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Authentication:

Counterfeit works, fakes and forgeries are part and parcel of modern life, and for the art world this is a problem which collectors and dealers increasingly encounter.  How can you overcome this issue when contemplating a major purchase?

This is where a ‘Catalogue Raisonee’ is an extremely valuable tool in the art dealer or collectors armour.  This is a comprehensive listing of works by the named artist which details the specifics of pieces of work to enable third parties to determine whether a work is genuine.  The extent of information given does vary according to catalogue but generally will contain items such as measurements, edition number, the name of the printer and publisher, and possibly some historical literature and information on the paper used.  The ‘Catalogue Raisonee’ is an established document which is recognised in the art world for guaranteeing authenticity and is thereby worthy of consideration to single out potentially fraudulent works.

Provenance:

Provenance is a means of proving ownership or historical life and is another valuable method of authenticating expensive pieces of work. However, records are not always made known as a level of confidentiality is involved. This can be overcome by researching documentation from previous auctions or records.

Certificates of Authenticity:

Opinion as to what constitutes a ‘Certificate of Authenticity’ as well as its importance as a legal document is often divided. If specifically requested by a client, such certification can be given. However, a ‘Catalogue Raisonee’ is deemed to be more significant in that it carries far more relevant information.  It is worth noting that as dealers are legally bound to provide sales invoices under ‘The Sale of Goods Act,’ works described on these will carry more weight legally.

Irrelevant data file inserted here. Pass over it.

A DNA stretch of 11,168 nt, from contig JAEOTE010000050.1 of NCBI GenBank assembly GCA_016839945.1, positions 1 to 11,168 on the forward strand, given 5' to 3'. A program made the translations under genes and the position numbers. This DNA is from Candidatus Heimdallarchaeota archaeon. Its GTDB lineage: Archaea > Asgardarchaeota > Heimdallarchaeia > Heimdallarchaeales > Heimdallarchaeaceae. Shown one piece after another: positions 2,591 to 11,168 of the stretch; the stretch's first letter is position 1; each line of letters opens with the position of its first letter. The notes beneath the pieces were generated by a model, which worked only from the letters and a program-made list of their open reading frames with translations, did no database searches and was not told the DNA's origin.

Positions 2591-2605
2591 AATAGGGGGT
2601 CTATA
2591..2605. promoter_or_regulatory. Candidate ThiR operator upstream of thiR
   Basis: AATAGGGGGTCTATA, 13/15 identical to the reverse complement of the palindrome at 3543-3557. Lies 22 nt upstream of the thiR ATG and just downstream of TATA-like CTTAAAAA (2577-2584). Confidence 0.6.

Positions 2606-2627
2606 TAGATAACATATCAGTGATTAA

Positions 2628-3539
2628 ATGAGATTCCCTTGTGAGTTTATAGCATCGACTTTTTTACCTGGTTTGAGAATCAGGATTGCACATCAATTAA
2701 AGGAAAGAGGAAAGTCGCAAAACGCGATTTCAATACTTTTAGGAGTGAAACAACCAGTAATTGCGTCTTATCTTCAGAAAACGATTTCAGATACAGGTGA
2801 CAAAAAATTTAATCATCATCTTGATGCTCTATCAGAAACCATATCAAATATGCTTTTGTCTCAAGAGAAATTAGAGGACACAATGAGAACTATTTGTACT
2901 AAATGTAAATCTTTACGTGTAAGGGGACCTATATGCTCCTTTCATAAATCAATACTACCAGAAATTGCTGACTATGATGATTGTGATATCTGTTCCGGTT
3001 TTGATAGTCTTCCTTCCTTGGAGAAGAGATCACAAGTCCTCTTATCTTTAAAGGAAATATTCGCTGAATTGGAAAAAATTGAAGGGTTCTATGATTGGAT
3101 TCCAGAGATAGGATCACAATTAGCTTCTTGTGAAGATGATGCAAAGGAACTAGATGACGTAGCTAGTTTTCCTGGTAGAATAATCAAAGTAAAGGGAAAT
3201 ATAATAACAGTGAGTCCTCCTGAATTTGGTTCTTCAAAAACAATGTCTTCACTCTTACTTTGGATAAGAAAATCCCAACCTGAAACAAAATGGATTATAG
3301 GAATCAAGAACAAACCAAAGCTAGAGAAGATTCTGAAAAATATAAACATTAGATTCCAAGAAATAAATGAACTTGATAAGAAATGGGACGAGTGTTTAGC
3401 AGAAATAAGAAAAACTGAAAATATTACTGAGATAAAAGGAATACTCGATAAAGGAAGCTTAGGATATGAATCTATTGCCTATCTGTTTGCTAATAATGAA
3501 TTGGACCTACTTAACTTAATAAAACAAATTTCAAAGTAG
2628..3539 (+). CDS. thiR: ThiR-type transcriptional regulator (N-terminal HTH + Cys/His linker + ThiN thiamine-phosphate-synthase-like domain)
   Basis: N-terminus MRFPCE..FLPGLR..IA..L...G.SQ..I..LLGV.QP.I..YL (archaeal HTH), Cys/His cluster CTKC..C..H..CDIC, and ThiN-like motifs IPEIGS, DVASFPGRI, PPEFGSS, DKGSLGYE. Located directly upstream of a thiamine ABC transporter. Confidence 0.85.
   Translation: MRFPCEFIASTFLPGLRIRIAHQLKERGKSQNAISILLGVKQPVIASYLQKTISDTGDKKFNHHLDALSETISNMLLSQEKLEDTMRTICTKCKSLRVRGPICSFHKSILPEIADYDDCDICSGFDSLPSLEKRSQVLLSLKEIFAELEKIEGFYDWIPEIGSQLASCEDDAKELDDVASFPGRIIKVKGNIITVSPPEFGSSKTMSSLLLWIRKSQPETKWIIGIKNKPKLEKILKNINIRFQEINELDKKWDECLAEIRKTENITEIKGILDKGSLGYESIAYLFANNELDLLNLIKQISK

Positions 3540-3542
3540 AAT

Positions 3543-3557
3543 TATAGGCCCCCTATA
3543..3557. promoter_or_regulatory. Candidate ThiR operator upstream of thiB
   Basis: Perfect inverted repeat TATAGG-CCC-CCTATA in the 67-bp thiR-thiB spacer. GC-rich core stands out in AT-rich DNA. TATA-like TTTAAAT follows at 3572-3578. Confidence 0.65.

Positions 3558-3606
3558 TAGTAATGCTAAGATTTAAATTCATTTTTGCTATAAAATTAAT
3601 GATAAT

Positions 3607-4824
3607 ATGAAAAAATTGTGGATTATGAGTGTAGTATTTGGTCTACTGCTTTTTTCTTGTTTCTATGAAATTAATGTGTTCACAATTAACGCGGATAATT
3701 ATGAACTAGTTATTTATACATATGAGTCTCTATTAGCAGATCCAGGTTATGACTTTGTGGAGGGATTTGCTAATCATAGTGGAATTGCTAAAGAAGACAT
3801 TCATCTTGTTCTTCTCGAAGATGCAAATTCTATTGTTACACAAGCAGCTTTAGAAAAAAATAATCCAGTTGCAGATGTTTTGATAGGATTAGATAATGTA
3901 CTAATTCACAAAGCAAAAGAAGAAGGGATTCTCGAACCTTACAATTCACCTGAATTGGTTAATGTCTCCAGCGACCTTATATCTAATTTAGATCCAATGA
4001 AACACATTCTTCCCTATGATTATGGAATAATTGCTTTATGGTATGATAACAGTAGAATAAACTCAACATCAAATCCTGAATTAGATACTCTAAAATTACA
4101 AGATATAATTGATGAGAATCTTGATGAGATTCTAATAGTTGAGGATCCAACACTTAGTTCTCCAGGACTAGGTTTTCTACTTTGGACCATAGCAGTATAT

It is also worth bearing in mind that not all works will be included in a ‘Catalogue Raisonee.’ This is especially the case where the item or work has failed to be recorded when published and does not in any way suggest that it is not an authentic piece.  Owing to the increasing amount of law suits arising from providing such information, many museums neither provide opinion nor offer an authentication service.  Therefore, for more recent items, proving an item to be genuine can be an extremely challenging process.

In the art world today a common concept of determining the authenticity of an item is ‘The Voice of God’ approach, in which reputable opinion is accepted as truth. The nature of opinion could originate from a variety of sources – perhaps the artist himself or a relative, an academic with specialist knowledge or a gallery dealer with considerable knowledge in the sector. Again, this will vary in terms of the level of detail given, but will usually consist of a photographic certificate which has been authenticated by the issuer.  In order for information to be easily checkable in the future, descriptions and archive references should be provided.

As can be seen, the process of determining the authenticity of an item can be both costly and difficult, not to mention time consuming.  A practice enforced by the Comite Chagall and the Miró organisation, ADOM, is for a purchaser to agree to sign a legal document whereby should the piece be proven to be counterfeit or fraudulent, they have the right to have it destroyed.  Opinion can again be divided as to whether this is a positive move.  It could possibly be argued that the underworld practice of selling fake products will be discouraged, whereas in contrast perhaps it could discourage newer works from even entering the market. Fees charged for these services vary, and some providers do not seek payment, making the judgement of credibility rather questionable. However, certainly any item or piece which does have a recorded certification will always be of far greater marketable value than its counterpart which does not.